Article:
Renée Gabriël (Radboud University), email@example.com
In 1345, an Antwerp poet finished the Dietsche doctrinale, a rhymed Middle Dutch translation of Albertanus of Brescia’s De amore et dilectione Dei et proximi et aliarum rerum et de forma vitae (1238). Like the Latin original, the Dietsche doctrinale was a great success. Ten complete manuscripts of the work have been preserved, as well as fragments of twenty more manuscripts, a printed edition from 1489, and three German translations. Until now scholars have studied the Dietsche doctrinale from the author’s perspective, focussing on authorship, meaning, and the intended use and reception. This paper combines an analysis of the author’s text with the study of the actual manuscripts in which the text is found, with the aim of acquiring a better understanding of the reception of this popular text. Also included are the printed edition from 1489 and booklists.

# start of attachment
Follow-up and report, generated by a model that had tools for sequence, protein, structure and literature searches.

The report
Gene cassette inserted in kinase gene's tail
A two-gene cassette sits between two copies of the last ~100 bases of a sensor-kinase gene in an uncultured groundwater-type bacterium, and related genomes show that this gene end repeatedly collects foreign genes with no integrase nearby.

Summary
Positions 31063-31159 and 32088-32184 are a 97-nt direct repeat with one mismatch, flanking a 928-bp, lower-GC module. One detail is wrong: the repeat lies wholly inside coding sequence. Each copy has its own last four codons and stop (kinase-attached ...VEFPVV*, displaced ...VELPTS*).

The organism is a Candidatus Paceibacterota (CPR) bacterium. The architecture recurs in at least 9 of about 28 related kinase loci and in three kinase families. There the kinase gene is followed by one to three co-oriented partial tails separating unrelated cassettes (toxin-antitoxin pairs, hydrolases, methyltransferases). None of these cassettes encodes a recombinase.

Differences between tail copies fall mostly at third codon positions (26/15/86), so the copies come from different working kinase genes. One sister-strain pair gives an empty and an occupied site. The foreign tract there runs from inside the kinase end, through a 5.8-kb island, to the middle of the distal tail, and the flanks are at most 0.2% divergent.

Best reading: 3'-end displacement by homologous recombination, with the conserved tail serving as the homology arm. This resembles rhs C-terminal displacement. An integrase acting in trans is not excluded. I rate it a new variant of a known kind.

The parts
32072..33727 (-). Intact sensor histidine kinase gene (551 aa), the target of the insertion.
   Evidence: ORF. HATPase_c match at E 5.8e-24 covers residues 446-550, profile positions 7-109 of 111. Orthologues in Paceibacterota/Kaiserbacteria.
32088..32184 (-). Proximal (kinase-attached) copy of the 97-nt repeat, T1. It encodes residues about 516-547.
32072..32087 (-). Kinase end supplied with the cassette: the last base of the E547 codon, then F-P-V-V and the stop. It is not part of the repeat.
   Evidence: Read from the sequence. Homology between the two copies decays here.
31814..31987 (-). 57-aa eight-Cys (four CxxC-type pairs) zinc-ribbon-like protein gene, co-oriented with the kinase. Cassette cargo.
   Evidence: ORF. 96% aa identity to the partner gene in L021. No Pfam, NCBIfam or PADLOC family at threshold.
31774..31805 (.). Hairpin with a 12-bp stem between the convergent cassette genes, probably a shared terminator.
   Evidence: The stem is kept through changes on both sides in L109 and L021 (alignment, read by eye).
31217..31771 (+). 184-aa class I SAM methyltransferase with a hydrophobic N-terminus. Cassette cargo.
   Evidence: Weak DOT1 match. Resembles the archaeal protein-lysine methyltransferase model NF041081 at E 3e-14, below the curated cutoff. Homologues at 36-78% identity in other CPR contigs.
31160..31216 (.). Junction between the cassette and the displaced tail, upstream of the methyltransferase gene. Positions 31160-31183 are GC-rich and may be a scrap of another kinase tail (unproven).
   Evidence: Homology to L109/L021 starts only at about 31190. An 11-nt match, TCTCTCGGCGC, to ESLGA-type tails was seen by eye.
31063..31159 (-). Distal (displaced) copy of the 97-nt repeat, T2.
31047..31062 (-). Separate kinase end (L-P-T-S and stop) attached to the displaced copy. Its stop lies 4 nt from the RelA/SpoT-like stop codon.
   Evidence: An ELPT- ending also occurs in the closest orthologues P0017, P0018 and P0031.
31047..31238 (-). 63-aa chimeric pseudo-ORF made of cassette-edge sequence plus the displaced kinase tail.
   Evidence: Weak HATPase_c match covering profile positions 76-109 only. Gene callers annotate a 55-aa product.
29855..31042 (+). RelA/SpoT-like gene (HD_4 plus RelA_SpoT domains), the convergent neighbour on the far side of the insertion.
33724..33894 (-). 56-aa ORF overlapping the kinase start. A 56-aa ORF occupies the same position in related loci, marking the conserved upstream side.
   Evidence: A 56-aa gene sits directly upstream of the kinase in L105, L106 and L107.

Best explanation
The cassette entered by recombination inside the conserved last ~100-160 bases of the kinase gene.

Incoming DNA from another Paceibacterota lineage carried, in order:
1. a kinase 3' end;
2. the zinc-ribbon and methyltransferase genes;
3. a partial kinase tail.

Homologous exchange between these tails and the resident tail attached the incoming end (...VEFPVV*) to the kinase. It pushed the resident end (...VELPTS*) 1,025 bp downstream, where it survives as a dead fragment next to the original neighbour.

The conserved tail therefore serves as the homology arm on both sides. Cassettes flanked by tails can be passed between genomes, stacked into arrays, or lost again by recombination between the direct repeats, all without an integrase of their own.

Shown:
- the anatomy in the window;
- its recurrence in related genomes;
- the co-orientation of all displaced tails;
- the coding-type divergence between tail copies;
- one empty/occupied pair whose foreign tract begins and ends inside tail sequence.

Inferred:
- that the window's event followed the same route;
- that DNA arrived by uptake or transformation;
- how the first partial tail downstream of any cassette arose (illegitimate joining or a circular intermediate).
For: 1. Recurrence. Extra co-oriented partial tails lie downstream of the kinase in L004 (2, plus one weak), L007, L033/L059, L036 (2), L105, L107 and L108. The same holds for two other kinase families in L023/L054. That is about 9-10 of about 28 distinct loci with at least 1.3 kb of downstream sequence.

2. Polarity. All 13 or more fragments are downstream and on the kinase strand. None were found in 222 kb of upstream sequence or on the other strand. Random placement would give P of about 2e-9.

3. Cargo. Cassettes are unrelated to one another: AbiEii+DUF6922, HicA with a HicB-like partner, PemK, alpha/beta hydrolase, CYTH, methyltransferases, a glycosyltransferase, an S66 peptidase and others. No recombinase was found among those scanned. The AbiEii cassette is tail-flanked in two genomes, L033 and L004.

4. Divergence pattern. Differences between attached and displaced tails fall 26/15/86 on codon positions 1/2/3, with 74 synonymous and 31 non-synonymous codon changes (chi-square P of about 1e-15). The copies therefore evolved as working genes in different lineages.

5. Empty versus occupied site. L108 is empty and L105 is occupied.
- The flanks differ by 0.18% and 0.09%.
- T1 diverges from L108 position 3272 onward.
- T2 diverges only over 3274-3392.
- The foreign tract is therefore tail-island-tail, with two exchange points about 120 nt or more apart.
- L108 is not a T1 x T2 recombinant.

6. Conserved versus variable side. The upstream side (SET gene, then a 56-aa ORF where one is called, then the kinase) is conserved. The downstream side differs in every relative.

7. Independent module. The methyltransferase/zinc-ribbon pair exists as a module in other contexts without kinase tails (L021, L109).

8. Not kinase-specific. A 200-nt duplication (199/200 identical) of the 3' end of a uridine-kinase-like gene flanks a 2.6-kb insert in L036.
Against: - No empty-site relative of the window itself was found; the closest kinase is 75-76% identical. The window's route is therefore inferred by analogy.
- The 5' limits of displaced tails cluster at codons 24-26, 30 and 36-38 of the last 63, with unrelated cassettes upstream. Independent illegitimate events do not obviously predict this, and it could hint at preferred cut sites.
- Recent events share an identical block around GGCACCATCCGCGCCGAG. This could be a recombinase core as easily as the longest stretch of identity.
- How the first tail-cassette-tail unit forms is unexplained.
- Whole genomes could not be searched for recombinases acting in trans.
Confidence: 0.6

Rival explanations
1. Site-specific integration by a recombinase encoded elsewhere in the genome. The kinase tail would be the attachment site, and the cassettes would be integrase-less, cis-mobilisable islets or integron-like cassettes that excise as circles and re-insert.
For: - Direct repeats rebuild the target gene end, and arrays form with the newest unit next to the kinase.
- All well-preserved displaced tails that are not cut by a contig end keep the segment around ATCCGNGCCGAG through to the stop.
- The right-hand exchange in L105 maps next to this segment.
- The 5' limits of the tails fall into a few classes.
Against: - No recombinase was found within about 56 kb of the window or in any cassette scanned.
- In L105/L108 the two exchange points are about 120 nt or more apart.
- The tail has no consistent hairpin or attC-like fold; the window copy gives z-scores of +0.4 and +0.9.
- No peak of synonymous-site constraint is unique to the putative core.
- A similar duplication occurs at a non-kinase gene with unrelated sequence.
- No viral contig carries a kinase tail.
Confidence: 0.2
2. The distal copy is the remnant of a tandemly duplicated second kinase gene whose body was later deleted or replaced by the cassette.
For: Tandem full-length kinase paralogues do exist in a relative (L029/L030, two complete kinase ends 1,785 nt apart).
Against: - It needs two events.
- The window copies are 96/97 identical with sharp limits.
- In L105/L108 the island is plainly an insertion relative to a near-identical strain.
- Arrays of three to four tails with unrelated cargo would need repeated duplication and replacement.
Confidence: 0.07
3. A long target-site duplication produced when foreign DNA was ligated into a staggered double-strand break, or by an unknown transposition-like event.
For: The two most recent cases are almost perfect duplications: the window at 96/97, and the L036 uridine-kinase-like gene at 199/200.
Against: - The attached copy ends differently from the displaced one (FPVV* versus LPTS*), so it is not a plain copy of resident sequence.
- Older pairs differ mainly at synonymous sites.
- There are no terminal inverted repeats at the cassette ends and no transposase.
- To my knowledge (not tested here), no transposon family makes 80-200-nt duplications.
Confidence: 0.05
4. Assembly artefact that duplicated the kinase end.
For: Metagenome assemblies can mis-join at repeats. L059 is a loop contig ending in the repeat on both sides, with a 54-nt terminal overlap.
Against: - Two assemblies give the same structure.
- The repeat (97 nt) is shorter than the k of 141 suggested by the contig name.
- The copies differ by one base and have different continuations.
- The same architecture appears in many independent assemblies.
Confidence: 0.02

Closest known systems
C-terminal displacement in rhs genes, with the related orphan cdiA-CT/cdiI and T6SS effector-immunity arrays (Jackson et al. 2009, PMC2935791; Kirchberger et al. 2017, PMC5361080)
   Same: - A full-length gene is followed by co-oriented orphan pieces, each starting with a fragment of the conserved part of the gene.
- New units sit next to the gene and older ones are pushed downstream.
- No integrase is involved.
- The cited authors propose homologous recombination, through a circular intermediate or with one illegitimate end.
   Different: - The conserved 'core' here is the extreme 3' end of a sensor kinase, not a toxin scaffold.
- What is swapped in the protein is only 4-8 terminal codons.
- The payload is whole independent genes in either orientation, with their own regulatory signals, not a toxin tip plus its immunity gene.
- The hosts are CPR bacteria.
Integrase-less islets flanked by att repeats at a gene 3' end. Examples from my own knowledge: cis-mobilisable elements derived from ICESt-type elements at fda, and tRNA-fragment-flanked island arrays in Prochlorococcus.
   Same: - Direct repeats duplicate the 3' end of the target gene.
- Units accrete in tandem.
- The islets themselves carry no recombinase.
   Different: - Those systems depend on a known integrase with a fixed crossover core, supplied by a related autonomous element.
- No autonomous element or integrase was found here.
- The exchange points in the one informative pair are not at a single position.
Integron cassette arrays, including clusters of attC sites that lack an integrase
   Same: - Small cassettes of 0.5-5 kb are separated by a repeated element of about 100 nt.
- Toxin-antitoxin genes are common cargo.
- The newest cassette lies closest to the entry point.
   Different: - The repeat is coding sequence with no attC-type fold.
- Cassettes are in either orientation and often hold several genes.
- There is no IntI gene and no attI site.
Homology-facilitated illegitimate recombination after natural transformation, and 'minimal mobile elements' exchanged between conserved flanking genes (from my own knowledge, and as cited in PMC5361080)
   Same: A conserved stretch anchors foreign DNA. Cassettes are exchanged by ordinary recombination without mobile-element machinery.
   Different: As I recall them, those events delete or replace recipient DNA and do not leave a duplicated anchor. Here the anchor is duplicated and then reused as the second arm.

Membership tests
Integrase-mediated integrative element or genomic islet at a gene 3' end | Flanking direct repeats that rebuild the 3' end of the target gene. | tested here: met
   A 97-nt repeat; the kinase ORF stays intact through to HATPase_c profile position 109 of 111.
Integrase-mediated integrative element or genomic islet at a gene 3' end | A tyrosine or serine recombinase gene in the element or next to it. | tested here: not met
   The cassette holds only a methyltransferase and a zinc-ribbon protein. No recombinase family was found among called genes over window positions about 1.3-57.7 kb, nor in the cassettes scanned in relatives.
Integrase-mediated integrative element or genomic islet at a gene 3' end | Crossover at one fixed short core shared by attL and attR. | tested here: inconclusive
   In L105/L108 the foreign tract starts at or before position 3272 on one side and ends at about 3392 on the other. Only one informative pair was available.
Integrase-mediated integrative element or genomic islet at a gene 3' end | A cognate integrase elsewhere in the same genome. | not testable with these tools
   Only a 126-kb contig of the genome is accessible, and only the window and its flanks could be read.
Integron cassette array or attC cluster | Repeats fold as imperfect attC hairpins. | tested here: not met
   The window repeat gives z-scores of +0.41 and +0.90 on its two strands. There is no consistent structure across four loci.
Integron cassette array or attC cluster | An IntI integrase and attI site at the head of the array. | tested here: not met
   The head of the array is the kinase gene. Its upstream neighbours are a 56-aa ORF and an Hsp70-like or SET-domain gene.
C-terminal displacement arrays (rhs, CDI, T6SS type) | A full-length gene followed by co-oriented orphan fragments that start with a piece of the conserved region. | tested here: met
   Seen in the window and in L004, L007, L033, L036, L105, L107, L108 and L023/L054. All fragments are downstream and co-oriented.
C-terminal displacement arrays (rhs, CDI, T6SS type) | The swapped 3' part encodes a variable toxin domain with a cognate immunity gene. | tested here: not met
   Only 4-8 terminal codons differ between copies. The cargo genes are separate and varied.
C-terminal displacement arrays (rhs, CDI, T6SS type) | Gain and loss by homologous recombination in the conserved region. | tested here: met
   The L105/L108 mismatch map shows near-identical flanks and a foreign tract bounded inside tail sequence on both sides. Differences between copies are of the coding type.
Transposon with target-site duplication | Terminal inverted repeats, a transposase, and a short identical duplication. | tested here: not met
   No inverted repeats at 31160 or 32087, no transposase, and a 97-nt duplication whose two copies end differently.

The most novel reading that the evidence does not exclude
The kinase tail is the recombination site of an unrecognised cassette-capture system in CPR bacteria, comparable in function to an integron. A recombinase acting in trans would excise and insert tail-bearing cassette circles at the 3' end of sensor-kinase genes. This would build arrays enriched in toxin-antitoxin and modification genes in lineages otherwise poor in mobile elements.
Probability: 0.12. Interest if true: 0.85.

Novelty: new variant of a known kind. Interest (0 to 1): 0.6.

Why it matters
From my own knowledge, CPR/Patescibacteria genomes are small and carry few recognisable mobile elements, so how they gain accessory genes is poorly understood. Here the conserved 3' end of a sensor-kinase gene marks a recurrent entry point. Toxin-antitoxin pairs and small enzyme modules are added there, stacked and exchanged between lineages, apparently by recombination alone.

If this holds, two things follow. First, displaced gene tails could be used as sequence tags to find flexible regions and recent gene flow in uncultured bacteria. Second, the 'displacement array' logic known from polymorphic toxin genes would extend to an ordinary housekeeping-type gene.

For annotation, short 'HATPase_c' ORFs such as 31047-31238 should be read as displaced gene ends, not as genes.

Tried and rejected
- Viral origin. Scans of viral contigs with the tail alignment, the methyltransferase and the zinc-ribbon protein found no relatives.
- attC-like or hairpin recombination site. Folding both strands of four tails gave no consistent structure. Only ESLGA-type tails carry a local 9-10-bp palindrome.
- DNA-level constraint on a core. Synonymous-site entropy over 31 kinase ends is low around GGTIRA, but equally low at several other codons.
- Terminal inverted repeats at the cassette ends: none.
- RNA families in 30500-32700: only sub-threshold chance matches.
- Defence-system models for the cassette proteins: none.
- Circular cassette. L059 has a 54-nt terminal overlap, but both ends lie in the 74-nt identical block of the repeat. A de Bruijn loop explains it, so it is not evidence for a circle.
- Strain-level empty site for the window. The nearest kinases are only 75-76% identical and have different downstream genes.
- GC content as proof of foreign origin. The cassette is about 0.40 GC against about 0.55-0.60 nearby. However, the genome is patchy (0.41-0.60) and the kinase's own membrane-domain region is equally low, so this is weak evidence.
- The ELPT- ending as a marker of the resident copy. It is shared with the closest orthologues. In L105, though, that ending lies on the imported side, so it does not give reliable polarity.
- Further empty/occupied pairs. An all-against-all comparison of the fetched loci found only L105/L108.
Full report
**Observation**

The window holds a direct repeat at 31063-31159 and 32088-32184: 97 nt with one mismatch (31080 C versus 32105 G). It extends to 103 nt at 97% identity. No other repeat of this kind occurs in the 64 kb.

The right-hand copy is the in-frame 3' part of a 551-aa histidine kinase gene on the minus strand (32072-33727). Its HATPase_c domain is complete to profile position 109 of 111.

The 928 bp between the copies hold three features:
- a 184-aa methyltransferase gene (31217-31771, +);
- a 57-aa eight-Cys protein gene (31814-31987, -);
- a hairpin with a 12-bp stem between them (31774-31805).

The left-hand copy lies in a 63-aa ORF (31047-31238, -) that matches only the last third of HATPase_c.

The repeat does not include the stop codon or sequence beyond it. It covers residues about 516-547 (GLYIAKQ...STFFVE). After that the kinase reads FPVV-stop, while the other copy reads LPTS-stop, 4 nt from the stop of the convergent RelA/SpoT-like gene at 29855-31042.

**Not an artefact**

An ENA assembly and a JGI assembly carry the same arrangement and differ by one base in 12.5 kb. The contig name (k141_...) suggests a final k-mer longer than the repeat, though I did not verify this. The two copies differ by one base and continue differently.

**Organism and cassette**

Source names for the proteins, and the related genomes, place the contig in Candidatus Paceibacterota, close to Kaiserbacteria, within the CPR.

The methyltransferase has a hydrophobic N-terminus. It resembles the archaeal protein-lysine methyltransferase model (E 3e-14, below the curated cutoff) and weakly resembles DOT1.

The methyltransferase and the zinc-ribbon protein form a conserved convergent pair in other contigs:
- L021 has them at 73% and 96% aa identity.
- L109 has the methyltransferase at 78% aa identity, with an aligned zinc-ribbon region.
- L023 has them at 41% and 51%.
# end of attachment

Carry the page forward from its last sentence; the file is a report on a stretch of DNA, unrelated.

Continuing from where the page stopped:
The title Dietsche doctrinale and the notion of leringhe form the starting point of my discussion. Leringhe refers to the world of education and learning, but in the Dietsche doctrinale it is also linked to the attainment of practical skills (artes mechenicae). The author presents himself as a teacher, and addresses children, adults, and educated men who can teach others. Ownership marks and booklists show that the Dietsche doctrinale was not only read by lay people from the urban administrative upper class, but also by clerics and religious men and women. The text has been intended for both individual reading and aural reception. Apparently, some manuscripts were designed for public reading or educational use. The Dietsche doctrinale might not only have been used for private study or home teaching, but also by clerics for the moral instruction of the laity and in the context of vernacular education.
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